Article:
As featured on p. 218 of "Bloggers on the Bus," under the name "a MyDD blogger."

Friday, February 13, 2009

Foreclosures Finally Getting A Look

Post-stimulus, we still have an insolvent banking industry and a housing market in free fall. Prices continue to drop at an alarming rate, and there doesn't seem to be a bottom. And 2008 was a record year for foreclosures, which depress prices, lower property values and suck money out of the system.

Clearly we need a solution. And this is what the White House is looking at doing.

The Obama administration is considering a proposal to help distressed homeowners by subsidizing lenders who cut the interest rate on mortgages, according to sources familiar with the discussions.

The sources cautioned that the administration is still weighing several options for addressing the country's growing foreclosure problem. The Treasury Department has set aside $50 billion for a homeowner relief program, which officials said was likely to be announced within the next week. The sources spoke on condition of anonymity because the plans are not final.

The initiative would include both carrots and sticks for lenders, said lawmakers briefed by the administration. For example, it would probably endorse legislation to allow bankruptcy judges to change the terms of mortgage loans, a measure opposed by the industry. But the program would also include legal protections for lenders that modify loans but fear being sued by investors. Government subsidies could be among the inducements for lenders, the lawmakers said.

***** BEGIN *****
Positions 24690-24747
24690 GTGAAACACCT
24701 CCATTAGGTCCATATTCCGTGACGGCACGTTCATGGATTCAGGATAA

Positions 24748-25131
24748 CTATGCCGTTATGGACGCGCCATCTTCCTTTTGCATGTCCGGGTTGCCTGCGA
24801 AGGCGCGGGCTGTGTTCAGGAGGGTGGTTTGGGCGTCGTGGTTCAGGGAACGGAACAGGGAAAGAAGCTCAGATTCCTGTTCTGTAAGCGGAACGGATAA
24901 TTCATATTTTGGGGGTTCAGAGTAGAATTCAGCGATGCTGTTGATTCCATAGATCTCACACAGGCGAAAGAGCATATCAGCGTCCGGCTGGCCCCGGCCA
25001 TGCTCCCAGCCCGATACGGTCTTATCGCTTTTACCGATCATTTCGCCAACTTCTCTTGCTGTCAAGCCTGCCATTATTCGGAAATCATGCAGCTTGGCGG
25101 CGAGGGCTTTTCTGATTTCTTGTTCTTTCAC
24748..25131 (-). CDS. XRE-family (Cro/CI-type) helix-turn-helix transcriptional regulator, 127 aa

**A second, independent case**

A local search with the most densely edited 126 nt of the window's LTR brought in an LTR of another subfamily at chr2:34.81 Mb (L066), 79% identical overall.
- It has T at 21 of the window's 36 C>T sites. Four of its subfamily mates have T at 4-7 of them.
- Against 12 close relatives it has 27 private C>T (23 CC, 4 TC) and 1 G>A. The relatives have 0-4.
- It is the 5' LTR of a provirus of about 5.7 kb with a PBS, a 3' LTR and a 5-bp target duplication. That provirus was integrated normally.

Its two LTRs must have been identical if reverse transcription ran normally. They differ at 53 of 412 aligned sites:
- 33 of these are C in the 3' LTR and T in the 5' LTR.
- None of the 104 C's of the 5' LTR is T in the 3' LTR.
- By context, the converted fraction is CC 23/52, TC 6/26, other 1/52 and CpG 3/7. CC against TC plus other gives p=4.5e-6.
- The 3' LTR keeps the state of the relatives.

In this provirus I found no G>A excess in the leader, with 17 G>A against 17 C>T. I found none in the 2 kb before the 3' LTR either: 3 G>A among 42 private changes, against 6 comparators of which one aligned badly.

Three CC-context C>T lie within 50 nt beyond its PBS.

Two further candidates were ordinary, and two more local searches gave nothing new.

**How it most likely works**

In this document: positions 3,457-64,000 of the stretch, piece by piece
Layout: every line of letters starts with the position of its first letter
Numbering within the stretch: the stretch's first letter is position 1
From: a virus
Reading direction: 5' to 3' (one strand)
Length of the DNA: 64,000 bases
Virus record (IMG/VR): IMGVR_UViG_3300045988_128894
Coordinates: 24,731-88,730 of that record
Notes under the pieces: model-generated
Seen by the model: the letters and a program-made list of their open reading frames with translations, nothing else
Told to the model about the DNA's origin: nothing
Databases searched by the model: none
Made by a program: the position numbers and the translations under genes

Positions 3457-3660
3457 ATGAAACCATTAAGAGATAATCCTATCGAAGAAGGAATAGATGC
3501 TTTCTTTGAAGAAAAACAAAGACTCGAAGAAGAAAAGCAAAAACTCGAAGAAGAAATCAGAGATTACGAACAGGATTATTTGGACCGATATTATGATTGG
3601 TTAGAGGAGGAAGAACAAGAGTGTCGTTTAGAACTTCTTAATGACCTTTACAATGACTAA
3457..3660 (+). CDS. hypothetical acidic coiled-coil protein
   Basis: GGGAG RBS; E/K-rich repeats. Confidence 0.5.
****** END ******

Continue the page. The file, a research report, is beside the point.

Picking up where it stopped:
Under one proposal being actively discussed, the government would share the cost to lenders of reducing interest rates for cash-strapped borrowers, the sources said. For example, consider a homeowner with a $200,000 mortgage and a 9 percent interest rate who now pays about $1,700 a month, including taxes and insurance. Lowering the interest rate to 5 percent would reduce the payments to about $1,160. The government and industry would each chip in to cover the difference, about $540.

If this is just talking about existing homeowners and not slashing rates for new homes below what the market will bear, which will reinflate the housing bubble for no reason, I think there's some merit to it. It looks like the lenders are ready to get into this as well. But it should be combined with other measures.

First of all, there should be an absolute moratorium on foreclosures for 60-90 days. Fannie and Freddie are suspending sales, which is good, and some big banks are temporarily halting them as well. This time is needed for implementation of this loan modification idea, which is essentially the brainchild of Sheila Bair at the FDIC. There's going to be some moral hazard in bailing out people who made bad decisions in getting a home, but it's a pittance compared to all the corporate welfare money promised, and considering that predatory lending put homeowners into mortgage products they didn't even want, I think we can live with a little excess at the margins. Reuters has more.

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